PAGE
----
“All of those required labor that was not built into the model,” Sides said. “And yet consumers were unwilling to pay for the additional service, for the most part.”

Watch: FreightTech highlights from 2021

One trend he sees emerging is real estate players offering last-mile fulfillment services to retail tenants, particularly in areas where they own clusters of properties so that they can consolidate shipments from several brands.

Sides also anticipates the development of strategies that bring delivery closer and closer to the endpoint: things like locker systems and at-home delivery.

“I think we’re going to get closer and closer to the endpoint, which is the doorstep of every home or apartment in America, in the next five to 10 years,” he said. “And so whoever wins that race, I think is gonna win.”

Make room for e-commerce

Of course, supply chains are far from the only thing retailers are thinking about. Two-thirds of executives surveyed in the Deloitte report said e-commerce and online shopping platforms would be their top investment areas.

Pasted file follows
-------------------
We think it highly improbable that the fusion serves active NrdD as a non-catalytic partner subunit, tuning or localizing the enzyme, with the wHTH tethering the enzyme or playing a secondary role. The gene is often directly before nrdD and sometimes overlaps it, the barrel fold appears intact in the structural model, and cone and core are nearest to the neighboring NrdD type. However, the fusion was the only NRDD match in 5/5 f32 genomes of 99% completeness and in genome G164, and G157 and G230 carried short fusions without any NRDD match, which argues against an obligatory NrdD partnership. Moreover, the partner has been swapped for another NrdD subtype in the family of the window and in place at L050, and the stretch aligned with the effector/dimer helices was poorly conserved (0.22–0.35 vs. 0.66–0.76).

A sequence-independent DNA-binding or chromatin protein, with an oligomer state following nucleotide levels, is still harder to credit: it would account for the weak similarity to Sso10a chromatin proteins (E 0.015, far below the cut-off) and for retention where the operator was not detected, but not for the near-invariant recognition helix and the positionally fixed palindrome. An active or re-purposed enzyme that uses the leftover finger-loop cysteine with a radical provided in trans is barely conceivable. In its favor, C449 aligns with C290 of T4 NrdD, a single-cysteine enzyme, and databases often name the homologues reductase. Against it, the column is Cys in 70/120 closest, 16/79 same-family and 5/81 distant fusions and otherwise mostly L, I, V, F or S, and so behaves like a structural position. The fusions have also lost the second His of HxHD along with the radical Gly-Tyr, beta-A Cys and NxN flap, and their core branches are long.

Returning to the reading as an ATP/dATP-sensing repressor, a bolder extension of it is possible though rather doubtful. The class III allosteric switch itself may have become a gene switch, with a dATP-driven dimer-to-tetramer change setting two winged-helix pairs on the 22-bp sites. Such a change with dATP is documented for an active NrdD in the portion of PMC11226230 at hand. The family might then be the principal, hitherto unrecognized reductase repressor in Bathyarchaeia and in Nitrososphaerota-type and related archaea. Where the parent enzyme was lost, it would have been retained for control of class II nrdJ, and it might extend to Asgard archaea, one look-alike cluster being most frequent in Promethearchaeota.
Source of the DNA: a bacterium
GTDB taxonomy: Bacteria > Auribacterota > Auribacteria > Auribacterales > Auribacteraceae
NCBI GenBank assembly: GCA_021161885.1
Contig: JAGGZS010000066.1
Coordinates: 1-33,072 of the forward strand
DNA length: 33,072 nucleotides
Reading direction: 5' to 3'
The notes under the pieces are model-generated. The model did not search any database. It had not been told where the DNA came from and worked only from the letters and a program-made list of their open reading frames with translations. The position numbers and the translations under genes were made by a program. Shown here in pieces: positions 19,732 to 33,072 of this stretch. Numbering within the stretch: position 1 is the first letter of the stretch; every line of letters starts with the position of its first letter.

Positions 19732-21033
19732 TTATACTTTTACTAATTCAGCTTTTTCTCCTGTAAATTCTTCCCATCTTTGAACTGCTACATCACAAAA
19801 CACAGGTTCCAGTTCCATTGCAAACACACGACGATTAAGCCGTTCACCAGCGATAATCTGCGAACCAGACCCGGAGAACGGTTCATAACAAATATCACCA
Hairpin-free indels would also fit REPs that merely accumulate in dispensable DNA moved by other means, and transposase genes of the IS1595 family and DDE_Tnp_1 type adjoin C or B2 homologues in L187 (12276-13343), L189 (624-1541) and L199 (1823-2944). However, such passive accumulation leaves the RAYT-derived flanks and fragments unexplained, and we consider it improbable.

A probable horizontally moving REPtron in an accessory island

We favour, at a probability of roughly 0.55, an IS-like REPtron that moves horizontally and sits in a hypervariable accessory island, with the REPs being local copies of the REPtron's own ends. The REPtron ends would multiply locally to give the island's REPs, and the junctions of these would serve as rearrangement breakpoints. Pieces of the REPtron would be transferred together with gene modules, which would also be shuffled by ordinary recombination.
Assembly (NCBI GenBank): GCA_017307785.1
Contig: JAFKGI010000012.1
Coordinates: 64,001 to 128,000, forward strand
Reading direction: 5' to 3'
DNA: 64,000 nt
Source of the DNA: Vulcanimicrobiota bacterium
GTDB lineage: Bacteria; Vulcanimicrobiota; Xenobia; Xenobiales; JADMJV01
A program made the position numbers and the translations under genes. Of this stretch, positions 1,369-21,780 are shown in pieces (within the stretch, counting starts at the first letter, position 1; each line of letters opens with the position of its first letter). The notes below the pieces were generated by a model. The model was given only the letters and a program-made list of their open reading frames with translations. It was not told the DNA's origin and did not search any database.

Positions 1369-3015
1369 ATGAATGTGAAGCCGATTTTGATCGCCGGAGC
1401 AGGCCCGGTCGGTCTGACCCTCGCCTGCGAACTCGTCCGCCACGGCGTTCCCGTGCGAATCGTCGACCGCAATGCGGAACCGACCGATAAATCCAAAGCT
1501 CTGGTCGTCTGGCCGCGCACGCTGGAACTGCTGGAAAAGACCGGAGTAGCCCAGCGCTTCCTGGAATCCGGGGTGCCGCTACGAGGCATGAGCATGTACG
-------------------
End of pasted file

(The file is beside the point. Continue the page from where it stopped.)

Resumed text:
In the short term, Sides thinks that voice commerce, an AI-based technology that enables customers to shop using just their voices, will be the biggest new e-commerce trend. According to Deloitte, 55% of industry leaders believe the technology will be “widely adopted” in the next five years, and while in-store automation is also on the docket, technologies like self-checkout, sensors and cameras are more expensive and less scalable.

“They’re trying to detect and prevent a fair amount of stuff that happens or can happen at that location. There’s a lot of room to cover there, whereas voice commerce is a little bit easier,” Sides explained.

However, he cautioned that retailers will need to be vigilant if they leverage voice commerce solutions from a third party. For example, if a retailer were to use voice commerce technology from Google Express, Sides advised they ensure that products that sell well on Google aren’t being recommended over their own top brands.

Social commerce

Social commerce, the idea of reaching consumers via social platforms, is the other major e-commerce trend that Sides anticipated will take off in 2022. A whopping 48 out of 50 executives surveyed by Deloitte said they expect that customers will want seamless experiences across all channels, and 35 are planning moderate to major investments in digital marketing to unify their online and in-store experiences.